Skip to main content
Chemistry LibreTexts

4: First Order Ordinary Differential Equations

  • Page ID
    106825
  • Objectives

    • Be able to identify the dependent and independent variables in a differential equation.
    • Be able to identify whether an ordinary differential equation (ODE) is linear or nonlinear.
    • Be able to identify the order of an ODE
    • Be able to identify whether a first order ODE is separable or not.
    • Be able to find the general and particular solutions of linear first order ODEs.
    • Be able to find the general and particular solutions of separable first order ODEs.
    • Understand how to verify that the solution you got in a problem satisfies the differential equation and initial conditions.
    • Understand how to solve differential equations in the context of chemical kinetics. Understand the concept of mass balance, and half-life.

    • 4.1: Definitions and General Concepts
      A differential equation is an equation that defines a relationship between a function and one or more derivatives of that function.  An ordinary differential equation (ODE) relates an unknown function, y(t) as a function of a single variable. Differential equations arise in the mathematical models that describe most physical processes.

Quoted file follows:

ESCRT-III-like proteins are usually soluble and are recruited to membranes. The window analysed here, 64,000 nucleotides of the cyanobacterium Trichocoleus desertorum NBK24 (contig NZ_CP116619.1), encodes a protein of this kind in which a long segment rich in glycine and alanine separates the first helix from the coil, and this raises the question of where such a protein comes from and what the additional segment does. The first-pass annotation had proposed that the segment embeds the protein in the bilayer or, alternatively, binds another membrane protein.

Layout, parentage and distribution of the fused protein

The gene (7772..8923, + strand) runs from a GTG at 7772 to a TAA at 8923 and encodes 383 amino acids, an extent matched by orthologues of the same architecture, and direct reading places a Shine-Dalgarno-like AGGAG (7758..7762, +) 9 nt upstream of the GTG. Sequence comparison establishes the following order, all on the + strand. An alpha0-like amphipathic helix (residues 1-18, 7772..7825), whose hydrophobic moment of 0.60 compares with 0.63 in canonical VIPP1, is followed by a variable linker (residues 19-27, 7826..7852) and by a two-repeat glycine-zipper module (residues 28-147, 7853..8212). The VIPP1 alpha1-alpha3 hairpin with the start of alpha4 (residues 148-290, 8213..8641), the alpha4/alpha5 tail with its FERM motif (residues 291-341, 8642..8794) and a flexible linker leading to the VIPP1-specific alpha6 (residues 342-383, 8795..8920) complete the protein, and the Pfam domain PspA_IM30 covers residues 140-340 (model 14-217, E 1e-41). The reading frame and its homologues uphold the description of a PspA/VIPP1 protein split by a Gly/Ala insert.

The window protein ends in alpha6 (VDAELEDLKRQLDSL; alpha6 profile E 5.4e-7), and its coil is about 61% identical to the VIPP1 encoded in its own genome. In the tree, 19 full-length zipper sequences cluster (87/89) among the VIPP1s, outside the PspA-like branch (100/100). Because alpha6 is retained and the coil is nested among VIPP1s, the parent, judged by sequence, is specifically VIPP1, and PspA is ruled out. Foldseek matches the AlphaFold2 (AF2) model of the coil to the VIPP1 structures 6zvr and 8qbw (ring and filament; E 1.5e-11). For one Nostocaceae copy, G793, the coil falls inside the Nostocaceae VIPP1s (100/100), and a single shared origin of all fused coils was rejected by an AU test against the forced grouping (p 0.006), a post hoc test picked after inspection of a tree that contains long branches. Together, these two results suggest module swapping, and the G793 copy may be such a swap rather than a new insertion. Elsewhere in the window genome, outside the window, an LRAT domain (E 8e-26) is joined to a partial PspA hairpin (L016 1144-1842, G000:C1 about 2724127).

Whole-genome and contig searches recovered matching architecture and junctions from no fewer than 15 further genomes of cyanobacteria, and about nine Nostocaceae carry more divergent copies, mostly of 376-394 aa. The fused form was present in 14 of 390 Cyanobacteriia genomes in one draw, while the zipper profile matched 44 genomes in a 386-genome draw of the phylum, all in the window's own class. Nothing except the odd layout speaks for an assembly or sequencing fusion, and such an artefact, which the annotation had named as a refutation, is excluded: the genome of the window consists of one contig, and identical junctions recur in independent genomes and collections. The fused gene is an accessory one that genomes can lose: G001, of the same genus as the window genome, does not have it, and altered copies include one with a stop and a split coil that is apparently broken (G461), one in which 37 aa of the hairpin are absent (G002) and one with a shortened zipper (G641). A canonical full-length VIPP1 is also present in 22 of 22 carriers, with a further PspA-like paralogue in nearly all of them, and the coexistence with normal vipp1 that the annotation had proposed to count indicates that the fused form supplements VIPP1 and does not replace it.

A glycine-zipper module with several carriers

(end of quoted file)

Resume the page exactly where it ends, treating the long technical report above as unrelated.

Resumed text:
• 4.2: 1st Order Ordinary Differential Equations
      We will discuss only two types of 1st order ODEs, which are the most common in the chemical sciences: linear 1st order ODEs, and separable 1st order ODEs. These two categories are not mutually exclusive, meaning that some equations can be both linear and separable, or neither linear nor separable.
    • 4.3: Chemical Kinetics
      The term chemical kinetics refers to the study of the rates of chemical reactions. Differential equations play a central role in the mathematical treatment of chemical kinetics. We will start with the simplest examples, and then we will move to more complex cases. We will focus on a couple of reaction mechanisms. The common theme will be to find expressions that will allow us to calculate the concentration of the different species that take part of the reaction at different reaction times.
    • 4.4: Problems

    • Was this article helpful?